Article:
Marketing the laboratory career to millennials. 5 strategies to enhance your recruiting efforts

By Kristen Holshoe, BS, MLS (ASCP)

February 22, 2017

As a medical laboratory scientist and supervisor of our lab’s hematology department, I often sit in on interviews for open positions and take an active role in the employee selection process. If your lab is anything like ours, recruiting to fill an open position is no easy feat. Unfortunately, the next five to ten years will bring an even bigger challenge due to the expected retirement of a significant number of our workforce. While it’s likely too late to completely avoid any staffing issues with the retirement surge so near, it is crucial that we work to tailor our marketing efforts for the eyes and ears of our current audience – the millennial generation.

  1. Interest follows awareness. 
    First, and by far the most important, is that we must do the hard work of gaining awareness for our profession. We cannot possibly market a career that most millennials aren’t even aware exists. While this isn’t anything that can be accomplished in a short period of time, I believe we need to be doing this alongside any other recruitment efforts in order to maximize our potential audience. Personally, I know of many medical laboratory scientists (myself included) who would be more than willing to help with a project of this scope, but lack the appropriate platform to do so. Ideally, the laboratory community needs to come together with the support of a professional society and push our career out into the limelight.

  2. Exude enthusiasm! 
    We need to characterize the profession as the exciting environment that it genuinely is. If we stop to think of the value laboratories provide in healthcare it truly is amazing! The laboratory is a very fast-paced, challenging atmosphere that is in a constant state of change. Various disciplines within the lab have the potential to offer completely different responsibilities on a daily basis. Presenting our profession in a positive, exciting way will help to generate questions about what exactly it is we do.

  3. It’s all about the Benjamins … not really. 
    When marketing for the laboratory profession, the salary and benefit package must be competitive. Young people entering the workforce are likely doing so with far starker financial situations than those of older generations. Within the next few years, the level of competition for attracting qualified professionals is going to increase exponentially. Millennials value their pay, but more importantly they value meaningful work. They also view the total compensation package as important so be mindful of what you are offering in terms of health insurance, retirement funding, vacation time, and overall work flexibility (hello work-life balance!). We need to keep in mind that, while what we are offering now may be considered acceptable, we will certainly need to bring more to the table in order to attract great talent in the future.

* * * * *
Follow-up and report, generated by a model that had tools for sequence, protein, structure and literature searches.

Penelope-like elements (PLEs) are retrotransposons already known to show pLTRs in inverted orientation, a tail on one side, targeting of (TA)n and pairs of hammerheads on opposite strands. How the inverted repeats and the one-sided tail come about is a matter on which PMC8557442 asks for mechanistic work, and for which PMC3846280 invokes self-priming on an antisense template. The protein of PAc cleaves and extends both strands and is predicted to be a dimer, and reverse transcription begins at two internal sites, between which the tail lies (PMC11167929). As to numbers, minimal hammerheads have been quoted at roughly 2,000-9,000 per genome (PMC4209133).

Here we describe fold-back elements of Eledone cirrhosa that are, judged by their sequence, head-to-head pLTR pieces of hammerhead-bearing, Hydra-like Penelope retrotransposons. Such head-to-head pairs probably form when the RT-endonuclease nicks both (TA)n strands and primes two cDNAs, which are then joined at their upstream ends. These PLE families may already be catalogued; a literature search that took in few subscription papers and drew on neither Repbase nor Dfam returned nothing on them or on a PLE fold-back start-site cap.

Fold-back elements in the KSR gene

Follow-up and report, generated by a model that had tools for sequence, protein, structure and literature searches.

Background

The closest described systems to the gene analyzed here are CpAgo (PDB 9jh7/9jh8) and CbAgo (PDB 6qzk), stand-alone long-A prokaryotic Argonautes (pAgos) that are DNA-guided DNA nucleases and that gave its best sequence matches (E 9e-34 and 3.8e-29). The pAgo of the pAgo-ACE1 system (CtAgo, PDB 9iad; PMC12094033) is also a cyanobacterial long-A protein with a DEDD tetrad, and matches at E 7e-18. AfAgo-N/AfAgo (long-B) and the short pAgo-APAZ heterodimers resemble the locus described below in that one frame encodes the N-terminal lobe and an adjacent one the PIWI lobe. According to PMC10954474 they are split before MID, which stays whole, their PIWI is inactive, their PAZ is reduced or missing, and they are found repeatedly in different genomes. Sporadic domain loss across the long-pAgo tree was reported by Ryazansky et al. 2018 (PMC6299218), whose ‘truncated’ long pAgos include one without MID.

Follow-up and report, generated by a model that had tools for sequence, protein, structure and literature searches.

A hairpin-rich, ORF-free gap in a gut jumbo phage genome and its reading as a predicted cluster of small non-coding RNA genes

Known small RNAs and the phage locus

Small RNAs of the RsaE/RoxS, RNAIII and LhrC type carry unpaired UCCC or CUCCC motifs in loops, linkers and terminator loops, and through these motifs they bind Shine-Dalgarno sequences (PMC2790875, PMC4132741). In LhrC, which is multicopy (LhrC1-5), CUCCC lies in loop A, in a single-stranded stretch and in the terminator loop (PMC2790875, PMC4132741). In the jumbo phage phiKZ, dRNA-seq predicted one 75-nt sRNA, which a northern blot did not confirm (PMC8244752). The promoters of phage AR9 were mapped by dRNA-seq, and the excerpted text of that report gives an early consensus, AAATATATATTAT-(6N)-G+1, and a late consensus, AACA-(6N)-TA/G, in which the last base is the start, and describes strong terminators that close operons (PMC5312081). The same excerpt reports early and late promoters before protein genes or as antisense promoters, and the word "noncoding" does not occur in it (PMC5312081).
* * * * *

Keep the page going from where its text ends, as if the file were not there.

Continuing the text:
4. Push for career advancement. 
    We need to work to increase the opportunities for growth associated with the laboratory career. Millennials desire an employer who values their creativity and is willing to invest in their development. There are many administrative and quality-focused positions available that medical laboratory scientists are well equipped to handle. The problem is we need to start going after them! The current workforce needs to break the barrier between the lab and neighboring departments and highlight their capabilities.

  5. The era of convenience. 
    We also need to make applying for open laboratory positions convenient and mobile. I know from personal experience that many job applications cannot be easily completed on a mobile phone or tablet. While restricting the application process to a desktop platform may not completely deter all applicants, it will definitely slow them down. The more mobile the process is, the more likely the younger generation is to follow through.

While none of the above strategies are a “quick fix,” they will become necessary in the very near future. It will certainly take an enormous effort from the current roster of lab scientists, but nothing will ever begin to improve if we don’t start now. An increased effort working toward improvements is only in our best interest as it will have a positive effect on our “daily grind” down the road.

Kristen Holshoe, BS, MLS (ASCP)

Kristen Holshoe is the Hematology/Coagulation laboratory supervisor at a northwest Michigan hospital. As is evident in her quality of work, she is proud to be a valuable part of the healthcare team performing complex testing as a Clinical Laboratory Scientist.

With 15 years of experience in the field, Kristen is passionate about promoting her profession through education and networking in an effort to make the career more “visible” Find Kristen on LinkedIn.